So what are we waiting for? The NHL has no desire to do away entirely with the shootout, but most right-thinking individuals would like to see fewer games decided by the equivalent of a skills competition.
from Fluto Shinzawa of the Boston Globe,
- Just about every coach would say no to pulling their goalie on a power play other than late in the game. They believe it’s too risky to leave the net empty in other situations. Their rigidity on this subject is exactly why a maverick should buck the trend and go six on four in the second period, for example, if his team is down by several goals. Coaches like predictability. They do not like havoc. Their penalty killers would not be prepared if they were outnumbered by two men in the second period of a 3-0 game. Coaches and players insist that gaining puck possession down two men is hard, to say nothing of scoring. Emptying the net would be risky. But it would be a calculated risk.
- When Steve Yzerman arrives in Boca Raton, Fla., for the GM meetings on Monday, he might have some visitors. A handful of GMs were puzzled because they weren’t aware of Brett Connolly’s availability on the trade market. It’s possible the Bruins might have had to a pay a higher price than two second-rounders to grab Connolly from the Lightning.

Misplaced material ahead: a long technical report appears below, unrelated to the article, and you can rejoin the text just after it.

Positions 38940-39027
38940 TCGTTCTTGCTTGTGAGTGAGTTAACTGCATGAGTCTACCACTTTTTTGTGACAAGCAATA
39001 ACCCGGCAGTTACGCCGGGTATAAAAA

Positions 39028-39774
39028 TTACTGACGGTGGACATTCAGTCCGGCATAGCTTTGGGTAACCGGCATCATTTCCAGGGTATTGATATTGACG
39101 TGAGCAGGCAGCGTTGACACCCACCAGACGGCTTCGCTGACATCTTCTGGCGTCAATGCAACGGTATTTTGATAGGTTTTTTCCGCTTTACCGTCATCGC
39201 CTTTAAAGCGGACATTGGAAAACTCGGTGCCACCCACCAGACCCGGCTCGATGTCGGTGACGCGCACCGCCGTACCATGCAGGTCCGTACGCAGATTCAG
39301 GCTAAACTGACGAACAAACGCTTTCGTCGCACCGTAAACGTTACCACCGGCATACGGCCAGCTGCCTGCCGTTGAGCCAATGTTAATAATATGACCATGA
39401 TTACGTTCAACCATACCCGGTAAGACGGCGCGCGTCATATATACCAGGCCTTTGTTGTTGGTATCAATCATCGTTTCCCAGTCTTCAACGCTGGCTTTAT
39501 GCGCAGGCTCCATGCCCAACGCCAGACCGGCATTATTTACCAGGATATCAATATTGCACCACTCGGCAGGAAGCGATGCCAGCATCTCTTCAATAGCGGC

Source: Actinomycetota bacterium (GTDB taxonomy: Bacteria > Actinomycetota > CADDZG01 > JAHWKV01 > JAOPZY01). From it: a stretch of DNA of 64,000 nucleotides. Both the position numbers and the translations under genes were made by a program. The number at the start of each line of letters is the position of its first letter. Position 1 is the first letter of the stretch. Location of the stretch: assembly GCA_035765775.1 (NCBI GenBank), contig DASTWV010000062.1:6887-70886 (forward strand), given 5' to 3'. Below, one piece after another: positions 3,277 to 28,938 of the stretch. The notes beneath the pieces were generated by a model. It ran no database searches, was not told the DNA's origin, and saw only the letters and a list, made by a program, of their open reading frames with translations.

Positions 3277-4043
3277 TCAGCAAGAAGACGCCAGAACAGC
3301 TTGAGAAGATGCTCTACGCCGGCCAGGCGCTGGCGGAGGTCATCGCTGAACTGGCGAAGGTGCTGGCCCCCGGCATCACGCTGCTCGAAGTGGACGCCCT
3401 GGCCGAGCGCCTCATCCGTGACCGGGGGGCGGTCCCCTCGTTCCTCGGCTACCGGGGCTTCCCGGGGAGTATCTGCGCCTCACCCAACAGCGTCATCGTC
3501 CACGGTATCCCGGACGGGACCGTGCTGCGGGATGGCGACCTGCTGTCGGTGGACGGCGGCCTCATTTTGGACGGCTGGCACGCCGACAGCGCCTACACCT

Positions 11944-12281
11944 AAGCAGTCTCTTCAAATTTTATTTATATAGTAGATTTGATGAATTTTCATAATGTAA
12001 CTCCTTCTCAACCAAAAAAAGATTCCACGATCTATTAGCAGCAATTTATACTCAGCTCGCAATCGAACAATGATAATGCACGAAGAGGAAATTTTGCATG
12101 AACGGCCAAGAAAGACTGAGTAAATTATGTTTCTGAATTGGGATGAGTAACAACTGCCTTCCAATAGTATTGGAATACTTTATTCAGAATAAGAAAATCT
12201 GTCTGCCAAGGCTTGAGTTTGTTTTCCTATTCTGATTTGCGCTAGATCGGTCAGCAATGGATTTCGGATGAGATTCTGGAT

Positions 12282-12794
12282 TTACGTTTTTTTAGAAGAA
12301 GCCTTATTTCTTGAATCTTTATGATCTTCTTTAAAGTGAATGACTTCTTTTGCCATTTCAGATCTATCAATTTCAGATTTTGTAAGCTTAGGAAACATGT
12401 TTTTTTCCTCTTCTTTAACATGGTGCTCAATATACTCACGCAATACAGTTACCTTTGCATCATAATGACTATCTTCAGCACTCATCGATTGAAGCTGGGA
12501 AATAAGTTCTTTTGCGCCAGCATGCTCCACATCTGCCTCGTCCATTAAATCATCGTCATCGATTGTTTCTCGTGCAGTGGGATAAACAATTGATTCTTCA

- Kris Russell is earning attaboys around the league for his shot-blocking. Through 65 games, the Calgary defenseman was credited with 228 blocks, 15 of which came in the Flames’ 4-3 shootout win over the Bruins March 5. The thing with blocks, however, is that they emphasize how much time a player spends in his own zone. Duncan Keith, for example, had only 89 blocks through 65 games. But that’s partly because the Blackhawks are on the attack more with Keith on the ice than the Flames are with Russell.
more hockey topics...